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Landline: A Novel Hardcover – July 8, 2014

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Editorial Reviews

Amazon.com Review

An Amazon Best Book of the Month, July 2014: In Landline, Rainbow Rowell once again shares her insightful, funny perspective on love and relationships, this time delving into a marriage floundering in the wake of kids, careers, and the daily grind. Georgie and Neal have been married for fifteen years and have two young girls who Neal cares for while Georgie works as a sitcom writer. When Georgie skips the family trip to her in-laws in Omaha for Christmas and the rest of her family goes without her, she realizes that maybe her marriage is going too. When a line to the past (literally) gives Georgie a chance to re-live an earlier pivotal moment in their relationship, she sees it as an opportunity to figure out if she and Neal should have been together in the first place. Landline is a deeply resonant story about being willing to go all in--at the start or after being together for many years--for the kind of love that makes “everything else just scenery.” --Seira Wilson

Review

The magic phone becomes Ms. Rowell's way to rewrite 'It's a Wonderful Life'…what that film accomplished with an angel named Clarence, Ms. Rowell accomplishes with a quaint old means of communication, and for her narrative purposes, it really does the trick. (The New York Times)

While the topic might have changed, this is still Rowell--reading her work feels like listening to your hilariously insightful best friend tell her best stories. (Library Journal, starred review on Landline)

Her characters are instantly lovable, and the story moves quickly…the ending manages to surprise and satisfy all at once. Fans will love Rowell's return to a story close to their hearts. (Kirkus Reviews on Landline)

Rowell is, as always, a fluent and enjoyable writer--the pages whip by. (Publishers Weekly on Landline)

Keen psychological insight, irrepressible humor and a supernatural twist: a woman can call her husband in the past. (Time Magazine on Landline)

The dialogue flows naturally; it's zippy, funny, and fresh. The flirtation between young Georgie and Neal is genuinely romantic. (Boston Globe)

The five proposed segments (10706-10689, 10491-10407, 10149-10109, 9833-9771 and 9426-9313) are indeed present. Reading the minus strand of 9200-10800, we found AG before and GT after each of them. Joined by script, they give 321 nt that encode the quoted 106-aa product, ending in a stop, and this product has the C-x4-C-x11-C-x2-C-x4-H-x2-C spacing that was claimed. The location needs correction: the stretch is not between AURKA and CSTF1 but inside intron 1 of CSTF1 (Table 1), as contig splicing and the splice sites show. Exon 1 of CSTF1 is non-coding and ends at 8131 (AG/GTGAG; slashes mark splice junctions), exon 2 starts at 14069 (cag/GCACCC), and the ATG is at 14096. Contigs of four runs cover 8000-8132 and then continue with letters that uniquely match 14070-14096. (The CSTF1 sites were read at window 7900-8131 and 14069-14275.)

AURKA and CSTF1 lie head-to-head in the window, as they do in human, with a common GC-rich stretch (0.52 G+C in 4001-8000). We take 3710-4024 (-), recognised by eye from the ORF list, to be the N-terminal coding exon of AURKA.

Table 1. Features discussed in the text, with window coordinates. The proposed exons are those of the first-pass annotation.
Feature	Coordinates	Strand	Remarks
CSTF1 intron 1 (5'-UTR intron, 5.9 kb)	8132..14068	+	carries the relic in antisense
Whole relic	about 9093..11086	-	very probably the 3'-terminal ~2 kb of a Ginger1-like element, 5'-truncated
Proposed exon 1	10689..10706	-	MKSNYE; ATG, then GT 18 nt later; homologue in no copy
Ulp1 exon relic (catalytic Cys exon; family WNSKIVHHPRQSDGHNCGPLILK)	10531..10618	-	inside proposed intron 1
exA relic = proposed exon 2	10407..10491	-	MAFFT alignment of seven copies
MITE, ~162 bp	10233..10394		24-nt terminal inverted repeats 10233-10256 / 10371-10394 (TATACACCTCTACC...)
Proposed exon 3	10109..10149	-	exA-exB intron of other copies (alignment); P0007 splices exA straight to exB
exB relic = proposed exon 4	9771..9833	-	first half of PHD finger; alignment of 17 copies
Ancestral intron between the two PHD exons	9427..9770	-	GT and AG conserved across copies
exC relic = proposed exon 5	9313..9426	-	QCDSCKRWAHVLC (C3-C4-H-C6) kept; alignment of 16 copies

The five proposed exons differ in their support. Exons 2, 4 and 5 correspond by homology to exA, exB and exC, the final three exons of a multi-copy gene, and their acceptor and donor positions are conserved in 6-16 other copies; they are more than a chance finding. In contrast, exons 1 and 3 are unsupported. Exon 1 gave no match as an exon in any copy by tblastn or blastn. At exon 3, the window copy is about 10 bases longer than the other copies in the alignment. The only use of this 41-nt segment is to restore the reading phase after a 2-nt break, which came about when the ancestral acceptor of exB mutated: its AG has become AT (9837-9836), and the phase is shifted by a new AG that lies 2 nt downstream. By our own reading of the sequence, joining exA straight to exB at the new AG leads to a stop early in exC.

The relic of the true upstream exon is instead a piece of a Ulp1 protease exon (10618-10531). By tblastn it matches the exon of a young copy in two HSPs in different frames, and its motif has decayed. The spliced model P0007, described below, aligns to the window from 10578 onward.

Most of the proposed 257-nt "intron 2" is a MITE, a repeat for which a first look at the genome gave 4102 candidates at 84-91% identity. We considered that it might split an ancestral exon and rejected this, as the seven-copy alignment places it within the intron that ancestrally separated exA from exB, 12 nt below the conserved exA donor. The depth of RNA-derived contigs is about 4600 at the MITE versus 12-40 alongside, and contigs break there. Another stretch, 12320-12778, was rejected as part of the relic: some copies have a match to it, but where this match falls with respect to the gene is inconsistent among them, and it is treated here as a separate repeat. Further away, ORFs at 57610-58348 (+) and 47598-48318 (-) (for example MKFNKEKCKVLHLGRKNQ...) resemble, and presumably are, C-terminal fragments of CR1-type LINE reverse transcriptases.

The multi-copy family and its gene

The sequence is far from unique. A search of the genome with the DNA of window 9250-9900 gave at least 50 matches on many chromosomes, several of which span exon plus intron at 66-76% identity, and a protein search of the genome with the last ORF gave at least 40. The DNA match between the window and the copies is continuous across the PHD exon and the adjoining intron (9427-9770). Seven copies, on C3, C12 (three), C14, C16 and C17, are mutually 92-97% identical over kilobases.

To skip her work because of its rom-com sheen would be to miss out on the kind of swift, canny honesty of that passage, which is typical of the pleasures of Landline -- it's a book that's a joy from sentence to sentence, and on that intimate level there's absolutely nothing unoriginal or clichéd in the way Rowell thinks. Her work is dense with moments of sharp observation…and humor. (Chicago Tribune Printers Row)

But a focus on the endings is the wrong one when you're reading a book of Rowell's. What matters most are the middles, which she packs with thoughtful dissections of how we live today, reflections upon the many ways in which we can love and connect as humans, and tacit reassurances of the validity of our feelings regardless of our particular experiences. (Slate.com on Landline)

Landline might not have any teenage protagonists, but it does have all the pleasures of Rowell's YA work -- immediate writing that's warm and energetic (Time.com)

More gentle, more real than Douglas Coupland, more smooth and also more clever than Helen Fielding. Truly, slowly, sweetly gorgeous. (The Globe & Mail)
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Product Details

  • Hardcover: 320 pages
  • Publisher: St. Martin's Press; First Edition edition (July 8, 2014)
  • Language: English
  • ISBN-10: 1250049377
  • ISBN-13: 978-1250049377
  • Product Dimensions: 6.4 x 1.1 x 9.5 inches
  • Shipping Weight: 1.2 pounds (View shipping rates and policies)
  • Average Customer Review: 3.6 out of 5 stars  See all reviews (542 customer reviews)
  • Amazon Best Sellers Rank: #8,868 in Books (See Top 100 in Books)

More About the Author

Rainbow Rowell writes books. Sometimes she writes about adults (ATTACHMENTS and LANDLINE). Sometimes she writes about teenagers (ELEANOR & PARK and FANGIRL). But she always writes about people who talk a lot. And people who feel like they're screwing up. And people who fall in love.

When she's not writing, Rainbow is reading comic books, planning Disney World trips and arguing about things that don't really matter in the big scheme of things.

She lives in Nebraska with her husband and two sons.

Amazon Author Rankbeta 

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#32 in Books > Teens
#32 in Books > Teens

Customer Reviews

Most Helpful Customer Reviews

162 of 179 people found the following review helpful By M.Jacobsen TOP 1000 REVIEWERVINE VOICE on May 1, 2014
Format: Hardcover Vine Customer Review of Free Product ( What's this? )
I am a huge, huge Rainbow Rowell fan and have - up until now - absolutely loved every book she has written. (I've often said she could publish her grocery list and I'd give it 5 stars, ha!) So I was crestfallen when I turned the last page of her new novel LANDLINE and was forced to admit that I just did not care for this story.